By: 永久浪客/Forever Vagabond
It has earlier been reported that the defective trains being shipped back secretly to China for repairs were found to have impurities in their aluminum train car bodies, a very likely cause of the cracks found in the trains (http://theindependent.sg/
One might ask, why would there be impurities in the aluminum used in making the train car bodies? Actually, pure aluminum is relatively soft and is not suitable to be used for structural applications. As such, other elements such as copper, magnesium, manganese, silicon, tin and zinc are typically added to form aluminum alloys. Most of the aluminum reaching the marketplace has been alloyed with at least one other element (http://www.sapagroup.com/en/
There are various grades of aluminum alloys created suitable for different kind of applications in the industry (https://www.
Coming back to the SMRT trains, it’s not known what is the actual cause of the cracks found in the train bodies and from the way things look, LTA doesn’t seem like a transparent agency willing to inform the public about anything amiss voluntarily. Perhaps our good opposition MPs can try their luck in Parliament to get some answers from our Transport Minister Khaw Boon Wan instead.
Corruptions and culture in China
In any case, most people will agree that doing business in China is not easy. There are cultural differences to deal with as well as potential corruptions.
For example, experts in food safety and plant operations would say that plants operating in China even with the most rigorous protocols and standards can be undermined by some of the Chinese culture (http://www.chinalawblog.com/
Andy Tsay, a professor of operations management at Santa Clara University made an interesting observation at a food plant, “The average Chinese factory worker comes from someplace where food has likely been scarce and picking up a piece of meat that has dropped on the floor and eating would not be unusual.”
Steve Gruler, chief executive of Global Quality Consultants, a firm that provides risk management advice to a variety of companies, recalled visiting a grain elevator in China where workers were unloading grain onto trucks. “A plume of dust comes from under the door of the elevator and rises up over the truck,” Mr. Gruler said. “Our eyes got about as big as saucers.”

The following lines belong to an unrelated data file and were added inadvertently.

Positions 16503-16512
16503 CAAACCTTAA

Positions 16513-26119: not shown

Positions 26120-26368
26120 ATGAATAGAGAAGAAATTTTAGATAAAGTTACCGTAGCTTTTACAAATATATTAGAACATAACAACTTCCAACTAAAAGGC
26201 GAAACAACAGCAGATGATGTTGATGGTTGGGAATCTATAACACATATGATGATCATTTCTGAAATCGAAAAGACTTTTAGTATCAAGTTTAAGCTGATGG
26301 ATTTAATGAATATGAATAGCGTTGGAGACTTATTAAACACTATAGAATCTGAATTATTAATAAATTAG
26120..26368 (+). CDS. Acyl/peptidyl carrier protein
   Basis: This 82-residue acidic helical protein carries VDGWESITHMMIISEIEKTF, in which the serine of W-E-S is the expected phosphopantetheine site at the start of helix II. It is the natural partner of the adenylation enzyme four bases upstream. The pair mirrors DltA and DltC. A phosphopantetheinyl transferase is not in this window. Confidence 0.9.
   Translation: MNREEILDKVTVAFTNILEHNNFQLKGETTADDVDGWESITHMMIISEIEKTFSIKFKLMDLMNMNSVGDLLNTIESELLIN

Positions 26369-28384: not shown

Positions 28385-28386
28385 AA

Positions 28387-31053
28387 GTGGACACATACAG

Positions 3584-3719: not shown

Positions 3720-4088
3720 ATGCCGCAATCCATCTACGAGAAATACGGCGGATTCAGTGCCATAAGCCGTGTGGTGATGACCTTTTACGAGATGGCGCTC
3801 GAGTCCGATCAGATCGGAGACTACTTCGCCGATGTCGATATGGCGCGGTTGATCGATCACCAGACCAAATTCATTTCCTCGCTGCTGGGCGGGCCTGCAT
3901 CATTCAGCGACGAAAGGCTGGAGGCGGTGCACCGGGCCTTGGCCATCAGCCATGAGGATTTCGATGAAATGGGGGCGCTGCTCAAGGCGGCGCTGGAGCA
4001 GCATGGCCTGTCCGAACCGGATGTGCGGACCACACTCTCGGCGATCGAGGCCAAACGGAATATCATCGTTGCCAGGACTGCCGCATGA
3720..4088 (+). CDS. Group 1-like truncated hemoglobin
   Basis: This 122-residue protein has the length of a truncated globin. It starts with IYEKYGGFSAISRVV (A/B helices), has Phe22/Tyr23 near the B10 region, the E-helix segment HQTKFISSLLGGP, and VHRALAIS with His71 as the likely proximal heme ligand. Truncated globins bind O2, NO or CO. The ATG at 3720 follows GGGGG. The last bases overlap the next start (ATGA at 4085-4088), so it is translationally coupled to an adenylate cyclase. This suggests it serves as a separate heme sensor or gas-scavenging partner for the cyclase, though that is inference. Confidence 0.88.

Grain dust is highly combustible and such explosions have been deadly. Mr. Gruler and a colleague asked the engineer at the facility whether it had a dust collection system. “Oh, yes, he said, but it had been shut off to conserve electricity,” Mr. Gruler said. “He didn’t understand that dust could cause an explosion that would blow the place apart.”
Stefan Chen, SVP and GM for OSI China, the company which supplies meat to McDonald’s and KFC in China, recalled in an interview, “When we began building modern broiler houses, we found that the workers often took shortcuts even though every detail was spelled out in the plans.”
“For instance, they would change the size of a window to save material. This seems like a small thing, but it affects the ventilation, which affects the production efficiency,” Chen added.
Bribery ‘an unspoken rule’ in China
Then, there is the endemic corruptions in China.
Forbes reported last year that a startling 35% of companies in China pay bribes or give gifts in order to operate. One CFO went to so far as to describe the practice as “an unspoken rule.” (http://www.forbes.com/sites/
Companies reported that the leading reason for corrupt payments are offered as “competitive pressure”. In an around Beijing, 43% of companies report the need to bribe or give gifts. In the southeast regions of Guangdong, Chonqing, and Shanghai, those figures are slightly less at 43%, 39%, and 38%, respectively.
Among the industry sectors, the highest incidence of graft is in real estate and construction, where corruption rates sit at 44% for residential realty, 42% for transport infrastructure building, and 39% for commercial realty and home building.
In the manufacturing sector, payments to officials were most common among metal producers at 46%, followed by auto makers and chemical firms at 33%. The services, retail, and transportation industries round out the top five.
Drug and food safety watchdog chief executed
In fact, not long ago, corruption was so bad that China had to execute a former drug and food safety watchdog chief, Zheng Xiaoyu (http://www.chinadaily.com.cn/
His execution marks the first time China has imposed a death sentence on an official of his rank since 2000.
“Zheng Xiaoyu’s grave irresponsibility in pharmaceutical safety inspection and failure to conscientiously carry out his duties seriously damaged the interests of the state and people,” the Chinese court stated. “The social impact has been utterly malign.”
Zheng was found to have taken bribes so as to approve an antibiotic blamed for at least 10 deaths and other substandard medicines. Investigators also found Zheng and his subordinates abused new rules in renewing drug production licences to squeeze kickbacks from companies.
His misdeeds led to approval of many medicines that should have been blocked or taken from the market, including certain fake drugs.
In any case, our LTA Chief, RADM (NS) Chew Men Leong and SMRT Chief, LG (NS) Desmond Kuek should be made aware of the culture and practices in China. That is to say, corruptions may be happening among the different layers of management inside a Chinese company. Where there is corruption, something else will give way, like the quality of products. Such knowledge cannot be learnt from Harvard nor the SAF. It comes from experience dealing with Chinese companies.
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